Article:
Latinos protest in favor of comprehensive immigration reform while on West side of Capitol Hill in Washington

On June 27, 2013 the Senate, in a 68-32 vote, successfully passed S. 744, the “Border Security, Economic Opportunity, and Immigration Modernization Act,” which would provide a pathway to citizenship for many long-term immigrants in the United States. To become law, however, the House of Representatives must also vote on and pass the law, which has not happened yet.  There is still hope, however, as House of Representatives have until the end of 2014 to pass immigration reform bill S. 744.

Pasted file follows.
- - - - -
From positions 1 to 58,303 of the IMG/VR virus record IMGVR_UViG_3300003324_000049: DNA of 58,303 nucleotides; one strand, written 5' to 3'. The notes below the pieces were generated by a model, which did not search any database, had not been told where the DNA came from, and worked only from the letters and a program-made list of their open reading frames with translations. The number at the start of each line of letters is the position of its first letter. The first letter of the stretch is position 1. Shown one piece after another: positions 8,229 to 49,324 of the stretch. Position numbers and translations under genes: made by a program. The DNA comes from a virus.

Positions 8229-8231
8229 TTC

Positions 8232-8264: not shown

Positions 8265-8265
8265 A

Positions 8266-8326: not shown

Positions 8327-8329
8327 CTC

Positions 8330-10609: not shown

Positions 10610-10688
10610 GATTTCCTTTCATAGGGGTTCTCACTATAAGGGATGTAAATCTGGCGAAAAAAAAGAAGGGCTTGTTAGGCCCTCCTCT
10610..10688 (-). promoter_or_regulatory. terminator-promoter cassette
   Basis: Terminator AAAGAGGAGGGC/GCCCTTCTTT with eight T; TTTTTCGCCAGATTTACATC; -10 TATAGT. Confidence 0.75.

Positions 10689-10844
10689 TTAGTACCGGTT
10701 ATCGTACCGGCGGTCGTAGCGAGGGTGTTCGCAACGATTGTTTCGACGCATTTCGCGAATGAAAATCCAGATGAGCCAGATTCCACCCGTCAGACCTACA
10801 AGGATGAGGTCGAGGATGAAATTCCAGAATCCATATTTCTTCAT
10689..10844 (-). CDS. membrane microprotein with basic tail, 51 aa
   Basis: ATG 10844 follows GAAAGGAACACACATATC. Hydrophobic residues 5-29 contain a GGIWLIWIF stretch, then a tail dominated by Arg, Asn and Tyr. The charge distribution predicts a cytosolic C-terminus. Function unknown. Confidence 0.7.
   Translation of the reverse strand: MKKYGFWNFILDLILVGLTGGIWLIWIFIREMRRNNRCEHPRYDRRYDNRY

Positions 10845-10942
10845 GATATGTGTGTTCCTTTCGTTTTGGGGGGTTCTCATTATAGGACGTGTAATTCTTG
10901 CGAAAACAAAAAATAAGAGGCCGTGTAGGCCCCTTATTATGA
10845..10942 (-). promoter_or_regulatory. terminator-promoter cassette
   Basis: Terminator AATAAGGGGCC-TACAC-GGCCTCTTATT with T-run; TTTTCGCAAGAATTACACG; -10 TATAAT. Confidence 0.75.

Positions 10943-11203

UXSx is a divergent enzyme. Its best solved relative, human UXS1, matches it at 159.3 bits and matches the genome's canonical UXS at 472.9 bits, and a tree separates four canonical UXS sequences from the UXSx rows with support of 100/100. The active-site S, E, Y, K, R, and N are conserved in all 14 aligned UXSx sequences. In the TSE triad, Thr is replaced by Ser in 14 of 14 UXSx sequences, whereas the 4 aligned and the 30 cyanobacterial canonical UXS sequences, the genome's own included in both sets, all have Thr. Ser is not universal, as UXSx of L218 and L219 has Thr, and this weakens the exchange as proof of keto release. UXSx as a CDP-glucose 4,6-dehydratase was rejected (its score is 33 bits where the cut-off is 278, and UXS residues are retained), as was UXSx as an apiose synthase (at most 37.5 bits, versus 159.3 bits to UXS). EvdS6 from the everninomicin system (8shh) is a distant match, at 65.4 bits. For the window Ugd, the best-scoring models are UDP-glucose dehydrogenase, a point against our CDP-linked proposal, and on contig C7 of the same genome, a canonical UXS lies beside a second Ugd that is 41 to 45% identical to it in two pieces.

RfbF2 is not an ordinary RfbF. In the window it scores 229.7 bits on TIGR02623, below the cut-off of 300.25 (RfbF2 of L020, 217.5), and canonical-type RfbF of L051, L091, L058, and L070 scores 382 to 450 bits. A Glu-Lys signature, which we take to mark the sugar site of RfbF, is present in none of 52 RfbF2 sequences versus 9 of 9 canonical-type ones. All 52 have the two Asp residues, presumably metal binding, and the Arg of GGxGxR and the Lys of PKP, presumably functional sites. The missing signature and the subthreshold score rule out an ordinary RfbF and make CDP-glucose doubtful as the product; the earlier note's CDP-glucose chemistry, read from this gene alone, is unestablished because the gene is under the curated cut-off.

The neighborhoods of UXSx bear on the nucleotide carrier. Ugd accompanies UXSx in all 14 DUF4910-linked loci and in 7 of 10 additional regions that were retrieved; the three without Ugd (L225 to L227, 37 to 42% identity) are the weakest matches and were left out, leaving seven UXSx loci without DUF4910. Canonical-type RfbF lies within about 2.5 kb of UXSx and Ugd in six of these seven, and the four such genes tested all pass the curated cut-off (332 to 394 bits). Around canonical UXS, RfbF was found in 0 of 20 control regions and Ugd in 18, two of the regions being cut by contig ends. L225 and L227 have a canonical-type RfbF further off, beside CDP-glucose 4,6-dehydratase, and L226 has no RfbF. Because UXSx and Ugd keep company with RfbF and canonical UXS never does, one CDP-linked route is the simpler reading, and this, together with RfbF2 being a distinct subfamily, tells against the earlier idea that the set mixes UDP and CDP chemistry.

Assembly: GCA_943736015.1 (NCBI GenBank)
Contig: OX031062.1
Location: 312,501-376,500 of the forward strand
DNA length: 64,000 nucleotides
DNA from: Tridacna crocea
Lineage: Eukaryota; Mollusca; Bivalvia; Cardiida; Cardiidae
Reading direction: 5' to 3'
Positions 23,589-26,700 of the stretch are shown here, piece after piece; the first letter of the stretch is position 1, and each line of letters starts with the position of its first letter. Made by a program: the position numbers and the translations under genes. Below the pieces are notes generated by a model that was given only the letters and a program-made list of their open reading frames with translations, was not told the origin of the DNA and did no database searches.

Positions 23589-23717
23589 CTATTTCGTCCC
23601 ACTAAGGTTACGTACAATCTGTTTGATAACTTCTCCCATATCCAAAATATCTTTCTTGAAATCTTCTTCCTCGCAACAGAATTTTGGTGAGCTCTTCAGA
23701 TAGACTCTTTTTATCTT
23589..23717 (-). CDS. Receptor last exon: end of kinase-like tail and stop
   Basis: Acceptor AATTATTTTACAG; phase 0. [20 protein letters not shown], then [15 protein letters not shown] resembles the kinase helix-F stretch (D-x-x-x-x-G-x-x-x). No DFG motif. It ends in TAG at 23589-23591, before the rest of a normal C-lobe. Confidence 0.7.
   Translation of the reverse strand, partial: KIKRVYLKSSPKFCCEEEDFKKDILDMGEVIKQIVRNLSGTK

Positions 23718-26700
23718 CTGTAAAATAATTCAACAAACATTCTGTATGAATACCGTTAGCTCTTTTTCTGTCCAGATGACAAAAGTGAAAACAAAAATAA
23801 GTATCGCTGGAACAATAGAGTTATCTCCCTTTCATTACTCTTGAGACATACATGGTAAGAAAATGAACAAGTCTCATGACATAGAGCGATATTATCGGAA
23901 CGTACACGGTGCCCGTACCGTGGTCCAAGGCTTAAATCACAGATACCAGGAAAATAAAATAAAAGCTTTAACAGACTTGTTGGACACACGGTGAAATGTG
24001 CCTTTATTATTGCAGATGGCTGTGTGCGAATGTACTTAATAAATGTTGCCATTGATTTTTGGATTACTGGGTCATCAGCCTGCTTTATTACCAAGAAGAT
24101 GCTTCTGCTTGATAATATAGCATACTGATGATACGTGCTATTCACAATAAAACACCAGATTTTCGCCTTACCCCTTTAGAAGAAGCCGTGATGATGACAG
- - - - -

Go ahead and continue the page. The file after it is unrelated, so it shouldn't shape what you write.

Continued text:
Importantly, the House Judiciary Committee passed four piecemeal bills, which many immigration lawyers oppose that amp up enforcement and limits on immigration, such as the Legal Workforce Act, which creates mandatory E-Verify, as well as a border security bill.  The “Group of Seven” in the House has fallen apart, with no legislative language ever being introduced by the group. Other bills have since been introduced in the House, but have not received any hearings or votes in committee, including H.R. 15, a comprehensive immigration reform bill introduced by Democratic leadership that encompasses the successful Senate bill, but replaces the controversial “border-surge” amendment with the House bipartisan border security bill.